The not-so-cool mule
The ten-day old Moscow Mule Bar & Grill will have to fix its bad service and unreasonable price points in order to make an impact in the ever evolving culinary landscape of Koramangala
Most like their bars dark. As do we. There has to be that sinister, mysterious look about a bar. It has to be grey. Neither black nor white.
But being dimly lit is one thing, and wearing the look of a dungeon necessitating the use of torch light to read the menu is quite the other. Moscow Mule, which comes from the same stable as Le Rock off Brigade Road is almost pitch dark.
The interiors of Moscow Mule
On a Monday evening, we swung by the basement bar. And yes, the phone torch did come to good use to read the menu that came in the form of a passport. It even had the name of the traveler - a certain Harry Commander, a mule that is the mascot of the restaurant.
The bar wears a contemporary look alright with wooden furniture, but it lacks character, something that's mandatory for any bar.
Moscow Mule, as you know, is a cocktail with vodka, ginger and lime. One of us tried another vodka-based cocktail - Black Russian (Rs 350), a blend of kahlua and vodka. It was smooth and just right to set the appetite for a big meal. But before that it was time to glug some chilled beer and they were stress busting as usual.
For entree, we asked for the Grilled Portobello (Rs 200) and the dish is merely a handful of button mushrooms. They were succulent and well made with feta cheese and although the dish description says it contains pesto, we didn't find any traces of the sauce.
Also, that was one of the few vegetarian grills they have on their menu. We wouldn't recommend the place to vegetarians as they would have to make do with a few pizzas and salads. It's nearly alarming that they call it 'bar & grill' but include no vegetarian grills in the menu. Don't vegetarians deserve to have grills? When asked, a clueless waiter told us mostly meats are grilled!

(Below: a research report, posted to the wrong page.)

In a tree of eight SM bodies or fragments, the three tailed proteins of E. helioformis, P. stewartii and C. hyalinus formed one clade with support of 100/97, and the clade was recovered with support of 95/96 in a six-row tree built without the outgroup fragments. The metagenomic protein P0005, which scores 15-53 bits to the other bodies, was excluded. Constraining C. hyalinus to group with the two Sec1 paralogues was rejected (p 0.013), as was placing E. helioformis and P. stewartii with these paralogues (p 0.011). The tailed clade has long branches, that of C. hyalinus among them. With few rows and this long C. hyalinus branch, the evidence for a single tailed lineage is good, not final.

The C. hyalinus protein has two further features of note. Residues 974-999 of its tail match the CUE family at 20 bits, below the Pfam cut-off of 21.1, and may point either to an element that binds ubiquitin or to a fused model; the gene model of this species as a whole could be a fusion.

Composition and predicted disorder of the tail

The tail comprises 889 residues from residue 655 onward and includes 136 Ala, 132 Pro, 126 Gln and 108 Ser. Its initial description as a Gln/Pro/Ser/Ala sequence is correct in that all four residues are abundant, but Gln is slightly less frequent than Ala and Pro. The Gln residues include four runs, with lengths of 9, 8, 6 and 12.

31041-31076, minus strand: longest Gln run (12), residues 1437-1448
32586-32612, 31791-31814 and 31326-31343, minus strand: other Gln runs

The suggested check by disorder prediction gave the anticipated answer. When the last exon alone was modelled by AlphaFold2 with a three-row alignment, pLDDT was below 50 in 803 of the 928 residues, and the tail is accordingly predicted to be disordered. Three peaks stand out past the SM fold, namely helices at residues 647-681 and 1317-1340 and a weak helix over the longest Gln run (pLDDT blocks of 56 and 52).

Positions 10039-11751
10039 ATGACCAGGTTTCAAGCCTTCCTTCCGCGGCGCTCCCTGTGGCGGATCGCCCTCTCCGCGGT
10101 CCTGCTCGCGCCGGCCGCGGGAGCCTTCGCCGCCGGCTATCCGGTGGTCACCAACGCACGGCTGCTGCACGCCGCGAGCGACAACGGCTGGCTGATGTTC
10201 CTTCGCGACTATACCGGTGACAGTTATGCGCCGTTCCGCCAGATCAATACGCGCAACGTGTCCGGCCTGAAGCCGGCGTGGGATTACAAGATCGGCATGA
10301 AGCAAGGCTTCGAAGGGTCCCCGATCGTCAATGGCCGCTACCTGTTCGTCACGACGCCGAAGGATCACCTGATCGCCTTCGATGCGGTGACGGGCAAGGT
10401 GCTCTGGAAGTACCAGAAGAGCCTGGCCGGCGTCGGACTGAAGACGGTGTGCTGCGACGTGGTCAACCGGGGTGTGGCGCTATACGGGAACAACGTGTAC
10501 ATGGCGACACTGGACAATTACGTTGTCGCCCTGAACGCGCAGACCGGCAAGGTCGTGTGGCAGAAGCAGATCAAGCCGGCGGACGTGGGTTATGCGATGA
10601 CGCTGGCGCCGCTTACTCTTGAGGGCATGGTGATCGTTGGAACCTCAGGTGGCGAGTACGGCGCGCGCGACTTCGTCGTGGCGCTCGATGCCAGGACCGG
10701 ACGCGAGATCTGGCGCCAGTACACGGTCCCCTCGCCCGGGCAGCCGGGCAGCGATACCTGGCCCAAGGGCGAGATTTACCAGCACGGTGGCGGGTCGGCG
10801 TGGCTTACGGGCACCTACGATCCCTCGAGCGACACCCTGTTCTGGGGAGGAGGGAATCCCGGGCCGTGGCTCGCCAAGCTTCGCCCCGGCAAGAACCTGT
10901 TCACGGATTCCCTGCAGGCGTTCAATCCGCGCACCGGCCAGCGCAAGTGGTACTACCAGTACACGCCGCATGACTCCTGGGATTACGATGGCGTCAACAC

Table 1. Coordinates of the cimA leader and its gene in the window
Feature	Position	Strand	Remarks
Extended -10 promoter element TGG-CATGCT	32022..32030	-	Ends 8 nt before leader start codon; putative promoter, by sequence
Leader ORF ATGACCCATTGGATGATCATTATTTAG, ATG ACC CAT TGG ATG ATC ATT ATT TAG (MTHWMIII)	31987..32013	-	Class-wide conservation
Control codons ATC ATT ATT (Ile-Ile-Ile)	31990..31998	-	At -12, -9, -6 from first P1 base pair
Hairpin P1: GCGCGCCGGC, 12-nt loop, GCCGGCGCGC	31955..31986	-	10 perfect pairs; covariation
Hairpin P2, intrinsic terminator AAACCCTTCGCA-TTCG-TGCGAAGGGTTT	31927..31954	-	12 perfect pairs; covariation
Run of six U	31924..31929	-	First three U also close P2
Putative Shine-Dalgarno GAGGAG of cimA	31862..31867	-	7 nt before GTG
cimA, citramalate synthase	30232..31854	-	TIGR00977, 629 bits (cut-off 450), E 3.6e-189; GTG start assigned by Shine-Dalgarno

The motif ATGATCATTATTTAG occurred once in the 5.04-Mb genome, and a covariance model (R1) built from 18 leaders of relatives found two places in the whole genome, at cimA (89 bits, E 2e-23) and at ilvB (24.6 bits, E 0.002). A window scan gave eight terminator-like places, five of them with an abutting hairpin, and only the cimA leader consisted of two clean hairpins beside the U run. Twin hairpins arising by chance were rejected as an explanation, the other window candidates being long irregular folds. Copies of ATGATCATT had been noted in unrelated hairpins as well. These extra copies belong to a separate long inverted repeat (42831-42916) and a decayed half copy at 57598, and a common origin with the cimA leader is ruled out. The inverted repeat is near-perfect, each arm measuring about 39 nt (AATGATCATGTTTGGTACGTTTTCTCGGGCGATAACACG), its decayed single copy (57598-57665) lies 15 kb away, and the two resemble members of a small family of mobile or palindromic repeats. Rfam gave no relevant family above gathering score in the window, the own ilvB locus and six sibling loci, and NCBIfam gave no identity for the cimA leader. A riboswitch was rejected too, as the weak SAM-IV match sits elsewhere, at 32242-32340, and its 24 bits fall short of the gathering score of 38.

The vegetarian amongst us had the House Salad (R 150) which was nothing more than a green salad. A wall of lettuce, carrot cut in oval shapes, onions and olives surrounded a vinegar dressing in a small bowl with a few croutons thrown in, as if to make amends for the hopeless looking salad. The least you expect of House Salad is one that's tossed with dressing. This was shameful!
Boneless Chicken Tender (Rs 200) was the next dish on our table. The chicken with barbe-que sauces was nice enough and went well with the alcohol.
The menu has a mix of Oriental, European and Russian dishes and we picked the Chicken Sun Dried Tomato(R 280) for the mains following it up with Chicken Ala Kiev (R 350), a dish that the Russians claimed theirs in the 20th century after Russian food historian William Pokhlebkin stated that it was invented in the Moscow Merchants' Club.
The Chicken Sun Dried Tomato, which was supposed to come with pilaf, didn't. Apparently the chef "was confused" and had forgotten about it. Now a confused chef is a rarity. So we waited for the pilaf to arrive, and what came instead was steamed rice.
The chicken, dunked in a white wine sauce, had very few pieces of sun dried tomatoes and was so dry that one can't pair it with rice. Besides, the meat was quite unyielding.
The Ala Kiev was relatively faultless, sufficiently crisp and came with a bed of mashed potatoes, as it should. The stuffing was also palatable. Moscow Mule has a scanty dessert menu and nothing excited us too much, so we skipped it.
We were told that the kitchen is on the terrace and is shared by the luxury guest house in the same building. That certainly explained the terribly slow service, which shouldn't have been the case given that we were the only diners that night.
Besides the quality and quantity of food don't justify the prices. And with a name like Moscow Mule, maybe they should focus primarily on Russian cuisine instead of making it yet another multi-cuisine eatery.
Where Moscow Mule Bar & Grill
122/A, KHB Colony, 5th Block,
MEAL FOR TWO R 2,000
Moscow Mule didn't know we were there. The Guide reviews anonymously and pays for meals.